Plastic is inexpensive, versatile, reliable and indispensable in modern life, so it is only natural that the New York Times is against it, touting a month without plastic. Their Climate Fwd. newsletter recently kicked off with “Greetings and welcome to Plastic Free July!” The story admits that you can’t actually be plastic-free especially not during a pandemic, but it’s all about the warm glow. “‘It makes you feel like you’re doing something good, in line with your values, and that’s good for self esteem,’ Dr. Clayton said. ‘And it can make you feel more powerful. When it comes to global climate change, a lot of people feel so helpless.’” Not to worry. You can connect online with groups like “Plastic Free July“ using your plastic cellphone to send signals down insulated wires to vast server farms all built with plastic materials, before going out in your plastic kayak in your trendy polytetrafluoroethylene gear to… dang.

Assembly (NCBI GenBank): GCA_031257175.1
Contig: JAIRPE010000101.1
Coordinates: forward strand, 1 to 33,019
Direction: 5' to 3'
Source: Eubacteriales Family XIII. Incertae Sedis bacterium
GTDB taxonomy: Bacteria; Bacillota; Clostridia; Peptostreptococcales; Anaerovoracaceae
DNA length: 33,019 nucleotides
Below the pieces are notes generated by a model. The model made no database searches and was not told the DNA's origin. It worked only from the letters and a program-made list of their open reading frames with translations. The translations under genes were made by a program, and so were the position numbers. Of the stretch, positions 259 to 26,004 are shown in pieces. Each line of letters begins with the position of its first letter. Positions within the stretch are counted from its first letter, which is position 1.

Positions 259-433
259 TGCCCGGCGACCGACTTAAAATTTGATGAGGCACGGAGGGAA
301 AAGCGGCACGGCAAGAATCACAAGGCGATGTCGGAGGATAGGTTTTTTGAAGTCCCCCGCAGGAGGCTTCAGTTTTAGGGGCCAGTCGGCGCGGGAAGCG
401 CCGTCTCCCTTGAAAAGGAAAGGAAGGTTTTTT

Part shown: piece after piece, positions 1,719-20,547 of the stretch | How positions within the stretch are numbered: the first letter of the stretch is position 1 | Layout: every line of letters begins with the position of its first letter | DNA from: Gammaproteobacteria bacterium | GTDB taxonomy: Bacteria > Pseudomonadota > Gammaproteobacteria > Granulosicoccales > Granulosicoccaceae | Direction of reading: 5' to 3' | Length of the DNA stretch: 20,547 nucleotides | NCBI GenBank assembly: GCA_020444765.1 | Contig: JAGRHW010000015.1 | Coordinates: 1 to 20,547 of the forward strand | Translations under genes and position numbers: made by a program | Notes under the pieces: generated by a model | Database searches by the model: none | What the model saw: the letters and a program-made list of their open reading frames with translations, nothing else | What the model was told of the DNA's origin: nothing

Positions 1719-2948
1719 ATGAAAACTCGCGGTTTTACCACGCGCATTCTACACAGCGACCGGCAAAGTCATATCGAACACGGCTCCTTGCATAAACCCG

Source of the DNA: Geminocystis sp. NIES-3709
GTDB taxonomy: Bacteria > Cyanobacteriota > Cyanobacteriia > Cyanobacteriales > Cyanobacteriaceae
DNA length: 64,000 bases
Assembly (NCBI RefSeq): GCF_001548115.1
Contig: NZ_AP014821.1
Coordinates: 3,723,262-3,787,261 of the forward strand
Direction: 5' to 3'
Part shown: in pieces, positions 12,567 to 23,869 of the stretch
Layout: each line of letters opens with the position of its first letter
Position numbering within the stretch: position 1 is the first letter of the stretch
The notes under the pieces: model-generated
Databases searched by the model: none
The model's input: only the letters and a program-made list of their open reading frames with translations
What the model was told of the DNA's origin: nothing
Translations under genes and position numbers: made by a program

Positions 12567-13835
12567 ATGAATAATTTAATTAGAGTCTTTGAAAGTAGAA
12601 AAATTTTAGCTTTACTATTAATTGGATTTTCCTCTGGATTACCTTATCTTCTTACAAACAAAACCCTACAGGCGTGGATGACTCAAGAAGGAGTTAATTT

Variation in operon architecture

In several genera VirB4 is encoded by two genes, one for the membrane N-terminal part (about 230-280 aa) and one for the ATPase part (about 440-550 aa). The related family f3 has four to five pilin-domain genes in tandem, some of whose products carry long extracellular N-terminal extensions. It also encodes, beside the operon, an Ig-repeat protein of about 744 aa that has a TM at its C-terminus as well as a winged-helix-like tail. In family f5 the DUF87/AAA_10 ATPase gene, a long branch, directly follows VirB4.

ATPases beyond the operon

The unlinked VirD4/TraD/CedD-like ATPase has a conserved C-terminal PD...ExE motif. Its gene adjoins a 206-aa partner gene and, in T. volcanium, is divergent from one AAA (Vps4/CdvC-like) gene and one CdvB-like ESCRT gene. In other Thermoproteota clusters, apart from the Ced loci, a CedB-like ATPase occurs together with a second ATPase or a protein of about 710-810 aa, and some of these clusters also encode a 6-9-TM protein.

Incidentally Dr. Clayton is Susan Clayton, chair of the psychology department at The College of Wooster in Ohio, just in case she’s not the first person you thought of calling to ask whether plastic was unnecessary. And there might even be chumps in our audience who want to do something to fix the problem not boost their self-esteem by virtue-signaling. But according to John Holdren, a former science advisor to President Barack Obama quoted in the article, “It matters a great deal what people do as individuals to reduce their impact on the environment”.
Indeed. So install a bamboo mouse on your peat-moss computer, don your wooden shoes, reuse items others have touched during a pandemic, and save the world. Or keep on using plastic and just be sure to put it in the garbage or the recycling when you’re done, rather than throwing it in the ocean.